Jun 14, 2011
via FaithWorld

Family, Taliban scare off actresses in Afghan film industry

Photo

(Afghan film actress Nafisa Nafis puts on make-up at the sets of a television series directed by Saba Sahar in Kabul June 7, 2011/Ahmad Masood)

A young bride silently sobs on the floor watching her mentally disturbed husband gorge on chicken, rub his greasy hands through his hair and scream at her for more, just another chapter in the couple’s violent life together. Film director Saba Sahar anxiously watches the scene by the cameraman, squatting in blue jeans and wearing a bright pink headscarf. “Cut!” she calls.

Jun 14, 2011

Family and Taliban scare off actresses in Afghan film

KABUL (Reuters) – A young bride silently sobs on the floor watching her mentally disturbed husband gorge on chicken, rub his greasy hands through his hair and scream at her for more, just another chapter in the couple’s violent life together.

Film director Saba Sahar anxiously watches the scene by the cameraman, squatting in blue jeans and wearing a bright pink headscarf. “Cut!” she calls.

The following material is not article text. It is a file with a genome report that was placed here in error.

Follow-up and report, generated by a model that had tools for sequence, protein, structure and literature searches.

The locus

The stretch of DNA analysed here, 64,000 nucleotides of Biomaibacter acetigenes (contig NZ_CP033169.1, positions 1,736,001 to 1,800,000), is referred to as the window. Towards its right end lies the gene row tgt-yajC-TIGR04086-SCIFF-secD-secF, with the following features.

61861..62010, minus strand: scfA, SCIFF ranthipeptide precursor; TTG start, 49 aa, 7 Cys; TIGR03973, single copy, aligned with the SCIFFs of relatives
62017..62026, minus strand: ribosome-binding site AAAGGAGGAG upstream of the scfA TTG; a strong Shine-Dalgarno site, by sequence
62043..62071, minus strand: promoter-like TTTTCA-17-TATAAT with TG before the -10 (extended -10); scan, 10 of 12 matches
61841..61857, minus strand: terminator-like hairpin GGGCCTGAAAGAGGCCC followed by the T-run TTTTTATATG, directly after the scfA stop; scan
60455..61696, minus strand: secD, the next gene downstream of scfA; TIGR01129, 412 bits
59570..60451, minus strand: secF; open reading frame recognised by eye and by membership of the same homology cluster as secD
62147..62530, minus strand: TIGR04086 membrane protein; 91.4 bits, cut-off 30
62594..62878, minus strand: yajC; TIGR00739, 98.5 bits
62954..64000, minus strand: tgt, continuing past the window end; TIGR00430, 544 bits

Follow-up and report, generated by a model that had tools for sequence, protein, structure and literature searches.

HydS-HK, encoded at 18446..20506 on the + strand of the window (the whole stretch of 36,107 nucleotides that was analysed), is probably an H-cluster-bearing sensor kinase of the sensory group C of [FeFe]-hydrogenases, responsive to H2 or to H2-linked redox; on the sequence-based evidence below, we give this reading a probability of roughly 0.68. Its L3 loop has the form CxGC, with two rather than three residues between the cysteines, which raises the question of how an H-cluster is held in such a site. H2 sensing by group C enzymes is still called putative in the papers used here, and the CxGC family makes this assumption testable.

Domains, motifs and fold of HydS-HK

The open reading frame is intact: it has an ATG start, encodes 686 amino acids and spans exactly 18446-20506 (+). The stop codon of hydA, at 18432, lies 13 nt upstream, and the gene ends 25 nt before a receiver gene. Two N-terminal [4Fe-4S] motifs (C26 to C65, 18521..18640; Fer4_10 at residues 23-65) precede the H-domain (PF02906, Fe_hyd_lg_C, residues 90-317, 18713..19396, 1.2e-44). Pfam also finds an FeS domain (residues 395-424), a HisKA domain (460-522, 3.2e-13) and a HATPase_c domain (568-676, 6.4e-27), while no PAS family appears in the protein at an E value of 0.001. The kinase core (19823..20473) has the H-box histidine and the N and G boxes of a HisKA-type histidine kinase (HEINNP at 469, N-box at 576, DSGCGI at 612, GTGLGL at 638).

Jun 13, 2011
via FaithWorld

Q+A: Women’s rights in Afghanistan since the fall of the Taliban

Photo

(Afghan men and women teachers attend their graduation ceremony in Kabul March 30, 2011/Omar Sobhani)

Women have won hard-fought rights in Afghanistan since the austere rule of the Taliban was ended by U.S.-backed Afghan forces in 2001. But gains made in areas such as education, work and even dress code look shaky as the government plans peace talks that include negotiating with the Taliban.

Jun 13, 2011
via FaithWorld

How will Afghan women fare if Kabul and the Taliban reconcile?

Photo

(Schoolgirls listen to a speech by Afghan President Hamid Karzai during a ceremony marking the start of the school year at Amani High School in Kabul March 23, 2011/Omar Sobhani)